Another busy week with parliamentary debate on same-sex marriage, and the Church of Scotland’s decision on ministers in civil partnerships
Eweida et al – yet again
On Tuesday next, 28 May, the European Court of Human Rights will announce its decision on the request to refer to the Grand Chamber the cases of Shirley Chaplin, Lillian Ladele and Gary McFarlane. As regular readers of this blog will know, all three cases are about the extent to which the applicants have the right to manifest their religion in the workplace: in Mrs Chaplin’s case the refusal by her local NHS trust on health and safety grounds to allow her to wear a crucifix on a neck-chain, in the case of Ms Ladele her desire to opt out of performing civil partnership ceremonies and in relation to Mr McFarlane his objection to giving psycho-sexual counselling to same-sex couples. In its judgment in January in Eweida & Ors v United Kingdom  ECHR 37 (which is not final), the Fourth Section held:
- by five votes to two that there had been a violation of Article 9 (thought, conscience and religion) ECHR as regards Ms Eweida;
- unanimously, that there had been no violation of Article 9 in relation to Mrs Chaplin and Mr McFarlane; and
- by five votes to two that there had been no violation of Article 14 (prohibition of discrimination) taken in conjunction with Article 9 in relation to Ms Ladele.
We shall report the outcome of the application asap.
Marriage (Same Sex Couples) Bill
MPs completed the report stage and third reading of the Marriage (Same Sex Couples) Bill on Tuesday 21 May 2013, voting 366 to 161 in favour. There have been few changes to the Bill since it was first introduced; but New Clause 16 in conjunction with a Labour amendment (for an immediate review of the extension of civil partnerships to opposite sex couples) ensured that Tim Loughton’s so-called “wrecking amendment”, New Clause 10, failed. [Note by Frank: had it been a wrecking amendment in the proper, technical sense of that term it would have been out of order and could not possibly have been selected for debate.] Our summary of the two days’ debates is here.
The Bill now moves to the Upper House where, although likely to meet substantial opposition, it will be difficult for the Lords to block the Bill. It remains to be seen whether their Lordships subject this to the same high-level of legal scrutiny as they did Baroness O’Cathain’s “prayer to annul debate” [HL Hansard 15 December 2011 Col 1408] on marriage and civil partnership ceremonies in religious premises.
A number of misconceptions on same-sex marriage still remain and Adam Wagner explored them in a piece in the New Statesman “Myths and realities about Equal Marriage”. To these should be added the absence of a statutory definition of “marriage” – which we explored here – and the fact that the situation is further confused by paragraphs 1 and 2 of Schedule 3 to the draft Bill .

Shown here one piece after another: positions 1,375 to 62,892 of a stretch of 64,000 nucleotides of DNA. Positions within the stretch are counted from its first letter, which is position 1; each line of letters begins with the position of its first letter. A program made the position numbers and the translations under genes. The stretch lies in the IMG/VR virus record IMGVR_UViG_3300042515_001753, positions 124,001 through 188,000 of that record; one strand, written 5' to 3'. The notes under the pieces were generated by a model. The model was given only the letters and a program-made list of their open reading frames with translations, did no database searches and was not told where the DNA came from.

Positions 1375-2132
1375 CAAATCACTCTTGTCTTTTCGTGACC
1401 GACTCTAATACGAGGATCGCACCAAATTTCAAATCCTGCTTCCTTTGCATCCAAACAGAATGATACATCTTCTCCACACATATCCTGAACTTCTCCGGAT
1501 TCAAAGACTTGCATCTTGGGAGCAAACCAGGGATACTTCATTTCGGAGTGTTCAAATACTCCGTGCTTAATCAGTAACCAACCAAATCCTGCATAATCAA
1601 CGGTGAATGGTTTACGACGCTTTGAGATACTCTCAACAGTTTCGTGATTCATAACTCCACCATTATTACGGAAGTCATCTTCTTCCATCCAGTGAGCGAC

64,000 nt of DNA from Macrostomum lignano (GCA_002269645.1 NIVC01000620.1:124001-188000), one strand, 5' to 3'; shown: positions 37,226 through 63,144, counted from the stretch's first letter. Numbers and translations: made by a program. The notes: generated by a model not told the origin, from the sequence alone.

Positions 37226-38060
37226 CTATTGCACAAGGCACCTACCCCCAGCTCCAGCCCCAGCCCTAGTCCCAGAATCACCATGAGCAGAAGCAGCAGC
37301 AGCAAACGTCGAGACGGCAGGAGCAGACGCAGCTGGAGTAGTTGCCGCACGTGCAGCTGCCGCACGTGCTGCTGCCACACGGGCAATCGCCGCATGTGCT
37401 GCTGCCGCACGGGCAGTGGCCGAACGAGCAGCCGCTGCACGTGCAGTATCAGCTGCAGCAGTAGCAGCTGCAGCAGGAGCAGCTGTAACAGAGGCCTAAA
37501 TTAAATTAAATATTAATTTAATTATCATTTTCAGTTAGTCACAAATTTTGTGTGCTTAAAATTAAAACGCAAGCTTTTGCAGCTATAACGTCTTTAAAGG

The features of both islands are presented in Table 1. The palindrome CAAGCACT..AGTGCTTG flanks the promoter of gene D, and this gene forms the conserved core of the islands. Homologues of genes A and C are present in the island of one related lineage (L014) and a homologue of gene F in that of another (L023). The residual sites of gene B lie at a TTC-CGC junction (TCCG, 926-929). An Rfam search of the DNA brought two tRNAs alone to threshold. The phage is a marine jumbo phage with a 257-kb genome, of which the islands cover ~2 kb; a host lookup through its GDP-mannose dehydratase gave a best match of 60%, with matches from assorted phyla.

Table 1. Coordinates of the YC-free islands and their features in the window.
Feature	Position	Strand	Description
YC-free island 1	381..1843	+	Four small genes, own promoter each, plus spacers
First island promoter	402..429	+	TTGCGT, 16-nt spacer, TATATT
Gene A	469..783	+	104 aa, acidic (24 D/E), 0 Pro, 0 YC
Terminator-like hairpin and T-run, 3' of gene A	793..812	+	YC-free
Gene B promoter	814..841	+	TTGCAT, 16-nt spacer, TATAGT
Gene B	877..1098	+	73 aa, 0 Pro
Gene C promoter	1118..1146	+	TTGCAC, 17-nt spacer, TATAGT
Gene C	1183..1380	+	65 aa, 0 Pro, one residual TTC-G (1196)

Marriage, registration of places of worship and Ms Hodkin
We have previously noted the judgment of the Administrative Court in R (Hodkin) & Anor v Registrar General of Births, Deaths and Marriages  EWHC 3635 (Admin), in which Ouseley J decided that he could not overturn the Registrar General’s refusal to register a chapel of the Church of Scientology as a place of meeting for religious worship under s 2 of the Places of Worship Registration Act 1855 (and consequently authorise its use for the solemnisation of marriages) because he was bound by the previous decision of the Court of Appeal in R v Registrar General ex parte Segerdal  2 QB 697 about the nature of Scientology.
His Lordship made a pretty strong suggestion that Ms Hodkin – who wishes to marry her fiancé in a religious ceremony at the Scientologists’ chapel in central London – should appeal his decision; and she has now been given leave to appeal direct to the Supreme Court. The SC hearing will take place on 18 July.
Birth, marriage and death at Notre Dame de Paris
By a tragic coincidence, the day on which the far-right activist and writer Dominique Venner took his own life in the sanctuary of Notre Dame was scheduled for the 5th annual vigil – La veillée pour la Vie – at which prayers made “that life is respected from its beginning to its end”. Venner’s action was a protest against the introduction of same-sex marriage in France. Following a Mass of Reparation, as required by Canon 1211 CIC, the prayer vigil went ahead as planned, although on the following day there was an anti-fascism, mock-suicide protest in the Cathedral by FEMEN.
General Assembly of the Church of Scotland
We reported the General Assembly of the Church of Scotland’s vote, in principle, to allow men and women in civil partnerships to be ordained to the ministry and/or inducted as parish ministers. The compromise Deliverance (GA-speak for “resolution”) reaffirmed the Kirk’s traditional view on the issue of same-sex partnerships but would allow an individual Kirk Session to choose to call a minister in a civil partnership if it so wished.
Our understanding of the next steps in the process is that a draft Overture will be considered by the General Assembly of 2014 and, if agreed, will be sent down to the presbyteries under the Barrier Act 1697 and implemented if a majority of presbyteries approves the proposal and the General Assembly of 2015 confirms it. No-one has yet told us that our estimate of the time-scale is wrong – but Frank is currently consulting an expert on the law of the Kirk, so this may change.
The Assembly also debated a joint report from the Church and Society Council, the Committee on Ecumenical Relations and the Legal Questions Committee on the implications for the Kirk of Scottish independence. One of the issues that caught the media’s attention was whether or not, should Scotland become an independent state, there should be a separate Coronation of the next Monarch. The resulting Deliverance included the following: that the Assembly believe that in the event of independence,